The world is at a crossroads, with old recipes of managing public affairs and answering citizens’ demands contested by a generalised yearning for change. In 2011, Time magazine designated the protester as its ‘Person of the Year,’ and this embrace of transformation has not dissipated, but has seeped deep into every dimension of the state’s relationship with society. Managing the expectations and fulfilling the needs of the population has never been harder.
Nowhere is this more evident than in Africa. By 2025, half of the continent’s population will be under 25. A demographic and technological explosion has to be met by constantly high rates of economic growth, better governance, more accountability and responsiveness. But, beyond these aspects that could apply to other contexts of the world, what is felt as a necessity, both at the domestic and international levels, is the emergence and affirmation of a new African leadership, one that is rooted in local values but is also connected to the broader global trends.
The world is starting to pay more and more attention to Africa. And this goes beyond the old discourse about bad or weak governance, migration, civil wars, poverty, development, and sustainability. The new great power competition is global in nature and with countries looking at every opportunity for gaining a competitive advantage. And, for better or for worse, Africa is where massive human and natural resources are expected to come. A new battle over Africa is underway, with China in the driving seat, Russia seeking to catch up, the US a bit behind and the EU seeking to make the continent a vital part of its global strategy and stability.
In this context, Africa cannot be a spectator, a bystander, a rule-taker. It has to be part of a broader coalition that emerges in Asia, Europe or Latin America, and is challenging this new multipolar Cold War view of international relations. Countering the break-down of the multilateral order is not only in the interest of the world, but also a desired outcome for small or middle powers, emerging or on the consolidation path. The voice of the African nations is needed as part of this concert and a unified articulation of their interest is the task of the new African leadership.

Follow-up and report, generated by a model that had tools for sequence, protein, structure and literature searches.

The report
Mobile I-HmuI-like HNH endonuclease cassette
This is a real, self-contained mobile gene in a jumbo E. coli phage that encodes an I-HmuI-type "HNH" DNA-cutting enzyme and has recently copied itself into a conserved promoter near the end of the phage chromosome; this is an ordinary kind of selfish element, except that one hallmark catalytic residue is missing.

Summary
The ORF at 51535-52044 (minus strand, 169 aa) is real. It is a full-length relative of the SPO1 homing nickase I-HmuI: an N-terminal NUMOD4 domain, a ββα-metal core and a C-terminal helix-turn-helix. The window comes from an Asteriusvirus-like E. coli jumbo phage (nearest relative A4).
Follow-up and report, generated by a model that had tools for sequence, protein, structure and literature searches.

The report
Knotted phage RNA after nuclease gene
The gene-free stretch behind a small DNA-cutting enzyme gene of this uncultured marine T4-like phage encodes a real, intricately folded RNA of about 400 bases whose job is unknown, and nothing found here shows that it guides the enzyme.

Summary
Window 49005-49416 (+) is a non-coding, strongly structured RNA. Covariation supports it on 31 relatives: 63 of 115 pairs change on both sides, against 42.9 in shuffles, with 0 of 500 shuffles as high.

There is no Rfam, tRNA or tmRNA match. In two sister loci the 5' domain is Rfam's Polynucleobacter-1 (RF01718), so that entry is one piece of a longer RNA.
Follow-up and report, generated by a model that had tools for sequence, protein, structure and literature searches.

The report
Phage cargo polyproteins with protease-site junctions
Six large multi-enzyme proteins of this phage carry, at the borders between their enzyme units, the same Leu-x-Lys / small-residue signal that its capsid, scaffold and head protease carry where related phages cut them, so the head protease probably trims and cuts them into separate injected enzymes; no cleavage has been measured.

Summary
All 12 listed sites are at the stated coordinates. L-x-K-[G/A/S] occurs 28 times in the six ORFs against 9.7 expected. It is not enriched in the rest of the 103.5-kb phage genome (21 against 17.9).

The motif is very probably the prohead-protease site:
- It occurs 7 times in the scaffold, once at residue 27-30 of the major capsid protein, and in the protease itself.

But foreign policy can only be grounded in strong local sense of purpose. The Nobel Peace Prize won by Ethiopian Prime Minister Abiy Ahmed is a confirmation that Africa can take ownership of its problems, that it can be bold and decisive. Local issues require the integration of the local way of doing things, based on a deep understanding of the context of what should and should not be done. The international media is full of reports of a new wave of politicians challenging the old guard and seeking to project the legitimate aspirations of a generation that has high hopes, no patience and aversion to failure and mismanagement.
The crisis (or the collapse) of the old structures of governance will most likely be messy. Assembling coalitions for change that display a high degree of unity will not be easy, doing by keeping in mind the bigger objective of prosperity and societal resilience will require leaders with a deep sense of public service. Rather than always taking inspiration from the West, Africa can base its own answer to good leadership on similarly disruptive experiences that countries from Eastern Europe or Asia have gone through in the last few decades.
Making the best of the global Zeitgeist and successfully meeting the challenges and opportunities of the 21st century has to be grounded into a new type of African leadership, one that is a sophisticated answer to local struggles and demands, but also in tune with global evolutions. Finding the right balance asks for putting together a coalition of African doers and global friends.
- Radu Magdin is a strategic communications analyst and consultant, former Prime Ministerial advisor in Romania and Moldova
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